Open to learn: Evan Edwards and EpiCard
Evan Edwards knows a thing or two about business plans. The recipient of an NCIIA Advanced E-Team grant in 2000, Edwards has been working toward commercializing his invention—a credit-card-sized epinephrine injector for people with severe allergies, dubbed the “EpiCard”—for the past few years. We spoke with Edwards about what goes into a business plan, the lessons he’s learned about writing them, and his advice for nascent inventors looking to build a company around a new technology.
You can do it
The fact is that if you’re smart enough to come up with a worthy invention or a worthy product, you’re smart enough to write a business plan. All you have to do is take advantage of the resources out there, and there are a ton of them. The first and best resource is people you know: mentors, professors, entrepreneurs, people who have been there before. Beyond personal help, there’s a multitude of online help sites, books, etc. When Eric [Evan’s twin brother, who is vice president of EpiCard] and I were looking to polish up our plan for the Darden Business Plan competition at the University of Virginia, we went to Barnes & Noble, and ended up finding several books on writing effective business plans that really helped us out. We were the only student engineering entry, and undergrads at that, and we finished in the top four and won a period of incubation with Darden.
It’s gonna change—a lot
Business plans are ever-changing. The first business plan we wrote for EpiCard was about ten pages. But as the scope of the company expanded we included more and more in the plan; for instance, we started looking to find ways to tap into the military market, so we included more of a military bent into it. And then we realized we didn’t have to stick to injecting epinephrine alone, and incorporated into the business plan our research into other drugs and pharmaceuticals that could be used in EpiCard—insulin, and nerve gas, smallpox, and anthrax antidotes. And we’ve continually revised and updated the market analysis and financial projection sections, refining, adding content. It’s a constant process.
You’ll learn more than you think
When we started writing the business plan for the Darden competition we found competitors we never even knew existed. Knowing those competitors were out there was critical for us, and it’s critical for a lot of NCIIA E-Teams. Many E-Team inventions are an improvement to what’s already out there; you say, “I like this device, and I know a way I can make it better.” And you assume that one device is your only competition. But as you start researching you find other patents, other companies that are looking into the same things you’re looking into. These might be global companies, so that even if you have a patent in the US you might have to worry about international companies entering into the market. So it’s important to understand that while you’re developing the business plan you’re also finding out about things that are extremely important to your venture’s chances of success.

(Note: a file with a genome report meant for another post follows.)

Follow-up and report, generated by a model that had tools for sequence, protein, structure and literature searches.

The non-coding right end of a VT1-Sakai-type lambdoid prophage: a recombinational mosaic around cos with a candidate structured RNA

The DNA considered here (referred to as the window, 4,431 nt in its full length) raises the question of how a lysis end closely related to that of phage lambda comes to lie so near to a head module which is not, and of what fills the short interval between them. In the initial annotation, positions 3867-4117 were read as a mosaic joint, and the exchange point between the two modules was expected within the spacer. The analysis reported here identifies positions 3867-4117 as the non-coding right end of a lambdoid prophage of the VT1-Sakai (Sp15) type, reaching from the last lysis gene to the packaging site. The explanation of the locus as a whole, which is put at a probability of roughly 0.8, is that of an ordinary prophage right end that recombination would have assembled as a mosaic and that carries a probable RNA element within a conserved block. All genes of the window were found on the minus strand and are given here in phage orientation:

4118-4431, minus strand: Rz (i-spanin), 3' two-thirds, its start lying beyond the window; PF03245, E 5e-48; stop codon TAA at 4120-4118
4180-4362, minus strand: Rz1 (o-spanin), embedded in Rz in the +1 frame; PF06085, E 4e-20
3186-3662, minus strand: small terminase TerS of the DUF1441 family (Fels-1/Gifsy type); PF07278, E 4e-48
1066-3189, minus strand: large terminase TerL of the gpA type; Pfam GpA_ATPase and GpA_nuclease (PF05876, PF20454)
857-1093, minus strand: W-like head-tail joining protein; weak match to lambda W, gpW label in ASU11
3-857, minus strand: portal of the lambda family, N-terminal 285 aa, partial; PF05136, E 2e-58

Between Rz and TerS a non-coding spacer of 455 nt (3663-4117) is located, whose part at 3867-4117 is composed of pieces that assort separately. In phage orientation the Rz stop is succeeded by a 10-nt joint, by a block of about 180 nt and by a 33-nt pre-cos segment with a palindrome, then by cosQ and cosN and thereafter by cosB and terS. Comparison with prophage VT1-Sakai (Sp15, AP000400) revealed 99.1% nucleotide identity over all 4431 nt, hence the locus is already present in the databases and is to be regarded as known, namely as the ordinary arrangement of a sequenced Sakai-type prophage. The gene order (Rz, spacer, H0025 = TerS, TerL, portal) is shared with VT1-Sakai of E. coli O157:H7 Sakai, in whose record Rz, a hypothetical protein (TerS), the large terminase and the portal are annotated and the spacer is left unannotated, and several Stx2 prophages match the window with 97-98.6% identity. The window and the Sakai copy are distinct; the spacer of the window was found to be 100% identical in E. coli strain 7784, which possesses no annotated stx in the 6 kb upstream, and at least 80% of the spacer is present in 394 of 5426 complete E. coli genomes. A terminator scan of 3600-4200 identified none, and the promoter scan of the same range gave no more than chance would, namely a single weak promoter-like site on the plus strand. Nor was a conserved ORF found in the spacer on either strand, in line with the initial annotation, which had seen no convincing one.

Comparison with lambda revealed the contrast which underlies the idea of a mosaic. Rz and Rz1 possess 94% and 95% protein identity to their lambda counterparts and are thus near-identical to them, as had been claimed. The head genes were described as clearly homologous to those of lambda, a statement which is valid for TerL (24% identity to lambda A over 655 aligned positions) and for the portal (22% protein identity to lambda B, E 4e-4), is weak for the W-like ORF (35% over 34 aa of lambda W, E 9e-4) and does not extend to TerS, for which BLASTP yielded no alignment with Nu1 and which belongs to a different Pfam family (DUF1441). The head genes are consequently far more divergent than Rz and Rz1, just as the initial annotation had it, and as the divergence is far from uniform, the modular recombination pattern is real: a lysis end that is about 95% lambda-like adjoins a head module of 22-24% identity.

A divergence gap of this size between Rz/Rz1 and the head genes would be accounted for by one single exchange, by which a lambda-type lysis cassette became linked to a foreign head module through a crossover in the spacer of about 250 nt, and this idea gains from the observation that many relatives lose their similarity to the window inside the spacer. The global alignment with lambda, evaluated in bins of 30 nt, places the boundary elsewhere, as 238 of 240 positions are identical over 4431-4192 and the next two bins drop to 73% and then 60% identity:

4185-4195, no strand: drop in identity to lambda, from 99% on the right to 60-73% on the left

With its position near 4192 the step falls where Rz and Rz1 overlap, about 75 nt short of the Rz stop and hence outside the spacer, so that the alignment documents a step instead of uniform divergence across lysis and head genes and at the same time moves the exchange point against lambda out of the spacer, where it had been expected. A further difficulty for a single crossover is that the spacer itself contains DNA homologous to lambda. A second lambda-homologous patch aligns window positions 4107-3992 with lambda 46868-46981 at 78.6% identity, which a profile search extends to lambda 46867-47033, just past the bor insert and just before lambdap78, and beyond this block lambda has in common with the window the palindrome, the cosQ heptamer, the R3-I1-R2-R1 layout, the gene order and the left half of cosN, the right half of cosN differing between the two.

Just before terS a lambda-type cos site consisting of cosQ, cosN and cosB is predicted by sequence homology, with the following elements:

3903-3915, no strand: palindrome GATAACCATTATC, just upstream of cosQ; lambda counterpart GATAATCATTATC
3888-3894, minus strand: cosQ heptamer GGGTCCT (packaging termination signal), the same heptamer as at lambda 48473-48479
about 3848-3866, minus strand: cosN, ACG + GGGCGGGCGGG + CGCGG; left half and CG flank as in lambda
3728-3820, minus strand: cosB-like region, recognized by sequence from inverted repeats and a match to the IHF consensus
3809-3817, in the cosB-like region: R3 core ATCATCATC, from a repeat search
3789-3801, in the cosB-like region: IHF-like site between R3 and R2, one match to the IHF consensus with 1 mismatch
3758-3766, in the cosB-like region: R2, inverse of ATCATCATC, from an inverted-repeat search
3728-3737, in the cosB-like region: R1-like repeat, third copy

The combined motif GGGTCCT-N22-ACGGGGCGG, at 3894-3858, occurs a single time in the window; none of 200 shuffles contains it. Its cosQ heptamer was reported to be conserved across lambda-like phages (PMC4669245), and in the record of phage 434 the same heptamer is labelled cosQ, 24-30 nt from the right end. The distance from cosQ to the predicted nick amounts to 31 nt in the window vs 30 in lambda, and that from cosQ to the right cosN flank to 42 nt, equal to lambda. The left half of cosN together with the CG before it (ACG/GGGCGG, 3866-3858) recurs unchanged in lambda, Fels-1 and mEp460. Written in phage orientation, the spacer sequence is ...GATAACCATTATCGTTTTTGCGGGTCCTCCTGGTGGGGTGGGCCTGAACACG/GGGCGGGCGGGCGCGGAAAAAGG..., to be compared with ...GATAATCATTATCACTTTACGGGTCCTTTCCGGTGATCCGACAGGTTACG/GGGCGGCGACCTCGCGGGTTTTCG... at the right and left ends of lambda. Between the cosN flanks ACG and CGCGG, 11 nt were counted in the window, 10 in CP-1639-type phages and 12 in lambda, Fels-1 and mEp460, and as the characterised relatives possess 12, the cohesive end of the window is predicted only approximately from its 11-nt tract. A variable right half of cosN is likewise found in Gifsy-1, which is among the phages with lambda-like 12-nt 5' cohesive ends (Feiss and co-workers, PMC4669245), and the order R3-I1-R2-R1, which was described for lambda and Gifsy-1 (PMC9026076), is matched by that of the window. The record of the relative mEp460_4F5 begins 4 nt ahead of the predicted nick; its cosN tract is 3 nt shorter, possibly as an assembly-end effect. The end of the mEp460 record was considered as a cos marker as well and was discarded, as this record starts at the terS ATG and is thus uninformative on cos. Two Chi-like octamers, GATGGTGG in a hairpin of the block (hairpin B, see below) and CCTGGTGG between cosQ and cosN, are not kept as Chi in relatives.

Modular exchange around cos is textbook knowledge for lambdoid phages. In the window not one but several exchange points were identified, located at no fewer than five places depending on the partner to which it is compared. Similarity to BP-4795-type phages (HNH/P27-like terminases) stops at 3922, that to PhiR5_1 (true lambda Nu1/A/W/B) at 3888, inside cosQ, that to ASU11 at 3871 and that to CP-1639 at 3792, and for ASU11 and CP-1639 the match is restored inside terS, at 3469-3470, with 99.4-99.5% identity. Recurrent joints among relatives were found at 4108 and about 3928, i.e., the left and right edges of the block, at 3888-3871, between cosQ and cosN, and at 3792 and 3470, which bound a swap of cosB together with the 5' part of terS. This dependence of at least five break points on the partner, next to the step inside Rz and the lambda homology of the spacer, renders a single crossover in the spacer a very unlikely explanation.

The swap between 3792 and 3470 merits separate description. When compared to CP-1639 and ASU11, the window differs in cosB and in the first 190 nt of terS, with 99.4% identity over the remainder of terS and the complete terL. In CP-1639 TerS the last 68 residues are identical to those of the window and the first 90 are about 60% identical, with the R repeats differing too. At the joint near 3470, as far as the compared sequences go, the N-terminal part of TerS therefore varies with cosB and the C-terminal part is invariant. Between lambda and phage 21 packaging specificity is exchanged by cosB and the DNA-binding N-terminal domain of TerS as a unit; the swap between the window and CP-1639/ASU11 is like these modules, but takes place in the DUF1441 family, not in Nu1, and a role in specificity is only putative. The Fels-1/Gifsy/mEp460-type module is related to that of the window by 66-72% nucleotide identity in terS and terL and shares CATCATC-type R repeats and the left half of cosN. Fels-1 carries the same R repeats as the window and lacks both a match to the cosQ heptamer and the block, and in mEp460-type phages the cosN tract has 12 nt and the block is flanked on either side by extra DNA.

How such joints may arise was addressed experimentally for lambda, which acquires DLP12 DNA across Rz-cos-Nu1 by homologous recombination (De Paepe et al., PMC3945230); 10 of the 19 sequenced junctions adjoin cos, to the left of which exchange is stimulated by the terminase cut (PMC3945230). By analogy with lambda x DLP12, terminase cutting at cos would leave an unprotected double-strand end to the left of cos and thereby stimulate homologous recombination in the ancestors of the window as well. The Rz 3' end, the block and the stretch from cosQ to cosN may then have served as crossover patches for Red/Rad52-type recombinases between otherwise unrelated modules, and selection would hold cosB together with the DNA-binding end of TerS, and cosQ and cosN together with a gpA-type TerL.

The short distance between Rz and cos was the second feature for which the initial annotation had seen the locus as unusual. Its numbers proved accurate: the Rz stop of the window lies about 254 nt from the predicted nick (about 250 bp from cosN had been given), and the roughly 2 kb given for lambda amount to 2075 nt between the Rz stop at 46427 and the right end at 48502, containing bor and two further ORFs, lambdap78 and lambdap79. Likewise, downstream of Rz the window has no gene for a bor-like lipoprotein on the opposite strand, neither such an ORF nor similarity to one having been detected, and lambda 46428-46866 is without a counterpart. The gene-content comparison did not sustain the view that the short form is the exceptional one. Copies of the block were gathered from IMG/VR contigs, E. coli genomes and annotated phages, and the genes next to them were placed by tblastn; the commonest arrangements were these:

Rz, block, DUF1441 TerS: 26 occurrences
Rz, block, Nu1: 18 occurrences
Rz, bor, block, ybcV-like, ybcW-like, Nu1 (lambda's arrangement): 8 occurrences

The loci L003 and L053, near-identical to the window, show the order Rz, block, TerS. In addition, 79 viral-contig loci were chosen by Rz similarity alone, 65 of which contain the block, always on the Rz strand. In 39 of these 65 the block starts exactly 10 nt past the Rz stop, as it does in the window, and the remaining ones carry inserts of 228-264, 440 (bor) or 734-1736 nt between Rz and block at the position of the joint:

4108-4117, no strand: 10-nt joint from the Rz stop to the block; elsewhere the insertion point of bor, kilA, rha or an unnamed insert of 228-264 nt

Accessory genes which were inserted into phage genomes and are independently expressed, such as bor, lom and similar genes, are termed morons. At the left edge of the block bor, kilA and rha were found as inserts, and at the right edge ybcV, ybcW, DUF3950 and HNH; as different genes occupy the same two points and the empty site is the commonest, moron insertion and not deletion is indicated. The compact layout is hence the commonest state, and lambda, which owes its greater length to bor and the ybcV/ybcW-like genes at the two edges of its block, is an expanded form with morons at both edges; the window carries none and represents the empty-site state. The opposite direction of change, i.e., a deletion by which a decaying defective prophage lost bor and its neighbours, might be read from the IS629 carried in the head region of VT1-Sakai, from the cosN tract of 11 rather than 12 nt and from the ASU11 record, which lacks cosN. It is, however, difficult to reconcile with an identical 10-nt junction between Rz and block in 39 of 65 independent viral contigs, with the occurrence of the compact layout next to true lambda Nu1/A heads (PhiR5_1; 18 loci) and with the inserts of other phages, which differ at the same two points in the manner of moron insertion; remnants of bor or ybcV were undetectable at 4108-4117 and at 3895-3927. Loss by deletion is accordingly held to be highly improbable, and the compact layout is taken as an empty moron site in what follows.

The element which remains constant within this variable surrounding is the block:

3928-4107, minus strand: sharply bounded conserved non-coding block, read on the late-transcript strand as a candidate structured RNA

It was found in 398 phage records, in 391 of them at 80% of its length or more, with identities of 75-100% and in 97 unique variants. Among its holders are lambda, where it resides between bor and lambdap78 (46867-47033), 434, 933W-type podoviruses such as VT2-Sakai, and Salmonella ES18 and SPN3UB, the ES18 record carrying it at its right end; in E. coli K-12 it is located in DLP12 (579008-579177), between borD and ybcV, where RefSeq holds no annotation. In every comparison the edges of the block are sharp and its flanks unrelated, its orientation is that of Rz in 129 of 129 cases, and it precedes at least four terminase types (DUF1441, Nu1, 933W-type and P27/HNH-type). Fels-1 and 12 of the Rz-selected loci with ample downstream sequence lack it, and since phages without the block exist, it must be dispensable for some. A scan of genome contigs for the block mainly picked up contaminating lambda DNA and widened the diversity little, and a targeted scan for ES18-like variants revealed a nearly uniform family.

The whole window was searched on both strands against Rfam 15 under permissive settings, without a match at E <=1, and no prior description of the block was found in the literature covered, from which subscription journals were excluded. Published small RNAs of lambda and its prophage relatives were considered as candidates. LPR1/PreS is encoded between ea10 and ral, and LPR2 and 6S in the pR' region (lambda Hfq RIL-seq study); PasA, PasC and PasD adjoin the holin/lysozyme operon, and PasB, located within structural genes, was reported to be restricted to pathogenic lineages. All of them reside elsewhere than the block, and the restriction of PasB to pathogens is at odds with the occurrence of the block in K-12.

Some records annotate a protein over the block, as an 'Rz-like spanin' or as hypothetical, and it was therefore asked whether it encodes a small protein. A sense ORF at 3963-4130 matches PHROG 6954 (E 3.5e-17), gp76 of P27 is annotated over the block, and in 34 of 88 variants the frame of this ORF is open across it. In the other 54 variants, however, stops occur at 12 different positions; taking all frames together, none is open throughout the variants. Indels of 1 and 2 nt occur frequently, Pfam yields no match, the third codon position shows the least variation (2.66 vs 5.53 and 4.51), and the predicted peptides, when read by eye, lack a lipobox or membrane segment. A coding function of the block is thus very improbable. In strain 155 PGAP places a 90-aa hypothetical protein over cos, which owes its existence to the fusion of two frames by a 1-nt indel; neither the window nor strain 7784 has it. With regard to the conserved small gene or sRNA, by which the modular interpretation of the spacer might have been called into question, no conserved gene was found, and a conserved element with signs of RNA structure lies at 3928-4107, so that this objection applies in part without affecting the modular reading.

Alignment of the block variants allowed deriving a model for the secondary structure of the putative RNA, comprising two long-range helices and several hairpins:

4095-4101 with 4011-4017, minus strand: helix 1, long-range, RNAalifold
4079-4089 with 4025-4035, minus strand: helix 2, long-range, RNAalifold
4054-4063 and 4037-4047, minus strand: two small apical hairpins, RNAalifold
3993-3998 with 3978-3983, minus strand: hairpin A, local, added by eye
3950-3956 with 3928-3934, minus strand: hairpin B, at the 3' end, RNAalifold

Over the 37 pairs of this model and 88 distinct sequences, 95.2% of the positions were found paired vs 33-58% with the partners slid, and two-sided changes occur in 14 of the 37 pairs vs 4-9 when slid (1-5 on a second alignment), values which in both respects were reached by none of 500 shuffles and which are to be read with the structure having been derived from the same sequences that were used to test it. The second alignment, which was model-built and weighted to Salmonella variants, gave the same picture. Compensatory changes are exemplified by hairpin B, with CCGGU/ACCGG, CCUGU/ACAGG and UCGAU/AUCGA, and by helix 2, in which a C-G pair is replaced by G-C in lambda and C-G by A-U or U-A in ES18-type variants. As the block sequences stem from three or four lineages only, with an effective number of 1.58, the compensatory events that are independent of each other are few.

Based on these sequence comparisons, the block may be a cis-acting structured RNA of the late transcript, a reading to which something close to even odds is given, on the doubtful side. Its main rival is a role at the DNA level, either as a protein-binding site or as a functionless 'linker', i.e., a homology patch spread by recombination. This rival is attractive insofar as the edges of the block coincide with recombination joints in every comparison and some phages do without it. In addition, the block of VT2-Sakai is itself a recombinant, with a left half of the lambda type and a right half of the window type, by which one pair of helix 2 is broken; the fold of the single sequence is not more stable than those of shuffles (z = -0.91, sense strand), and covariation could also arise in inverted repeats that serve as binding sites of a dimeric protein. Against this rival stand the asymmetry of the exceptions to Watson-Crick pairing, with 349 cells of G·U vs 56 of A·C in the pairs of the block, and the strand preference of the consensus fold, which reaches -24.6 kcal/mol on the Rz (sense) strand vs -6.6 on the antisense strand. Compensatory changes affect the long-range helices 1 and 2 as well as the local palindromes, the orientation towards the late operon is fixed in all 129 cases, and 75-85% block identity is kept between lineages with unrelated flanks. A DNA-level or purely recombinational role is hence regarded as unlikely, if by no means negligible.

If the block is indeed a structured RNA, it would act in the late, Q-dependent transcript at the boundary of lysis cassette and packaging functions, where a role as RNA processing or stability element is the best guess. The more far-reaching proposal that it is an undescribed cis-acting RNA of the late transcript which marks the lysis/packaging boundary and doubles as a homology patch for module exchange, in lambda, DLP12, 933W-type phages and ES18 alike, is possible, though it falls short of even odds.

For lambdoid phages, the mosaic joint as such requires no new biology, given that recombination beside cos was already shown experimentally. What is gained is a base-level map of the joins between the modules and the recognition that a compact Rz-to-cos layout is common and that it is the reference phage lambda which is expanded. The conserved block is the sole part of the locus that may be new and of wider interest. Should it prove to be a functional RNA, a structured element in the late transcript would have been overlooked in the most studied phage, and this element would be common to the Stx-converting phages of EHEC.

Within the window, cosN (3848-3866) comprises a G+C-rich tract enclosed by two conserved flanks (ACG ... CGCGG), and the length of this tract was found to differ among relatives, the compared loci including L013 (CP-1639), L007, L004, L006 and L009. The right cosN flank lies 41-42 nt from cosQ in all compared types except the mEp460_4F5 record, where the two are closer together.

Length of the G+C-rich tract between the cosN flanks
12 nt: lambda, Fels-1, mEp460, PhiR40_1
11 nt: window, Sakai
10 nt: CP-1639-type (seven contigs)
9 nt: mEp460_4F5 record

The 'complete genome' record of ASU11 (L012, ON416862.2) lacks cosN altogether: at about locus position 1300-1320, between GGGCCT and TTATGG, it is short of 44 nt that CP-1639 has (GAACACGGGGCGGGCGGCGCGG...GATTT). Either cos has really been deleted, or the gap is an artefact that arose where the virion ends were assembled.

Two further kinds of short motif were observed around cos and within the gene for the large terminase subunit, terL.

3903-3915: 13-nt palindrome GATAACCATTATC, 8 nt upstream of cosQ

Act on the feedback you get
You’ll learn a lot about your company’s strengths and weaknesses when you go to present your business plan to venture capitalists and angel investors. We’ve made the rounds and presented our plan, and the feedback we received from the angels and VCs was very specific and very helpful. We’ve been a family-run business, but the VCs pointed out that it looks bad if your entire board consists of family members, and recommended we look into that and reformulate the company. So we went out and talked to key people in the pharmaceutical industry, some doctors, and got them on board, and that’s definitely helped solidify our credibility.
As you’re developing your business plan, and you start presenting it to these certain groups, you realize the areas of your business you need to focus on the most.
Lean on others
I come from an engineering background, and my brother from biology, so we knew we had a good product and knew the market, but we had no idea when it came to the financial data. If you go to investors with data that’s questionable or inaccurate, they’ll call you out. They’ll say, “Where did you get that number from?” You need to know your information; you need to know your sources. When we incubated with Darden they provided us with a panel of experts that really helped us with the financial side.
And that brings me to the real piece of advice I want to give: you have to interact with people. Talk with local businesses, join a venture group, join an on-campus entrepreneurship club. By going to their meetings and attending their seminars you’ll gain an understanding of how to write a business plan, or how to valuate your company, or how to do the financials. Whatever you need. You’ll make your strengths even stronger and you’ll shore up your weaknesses. By being in the company of businesspeople at Darden, by being around entrepreneurs, I was able to feed off them and really learned a lot about how to run a business.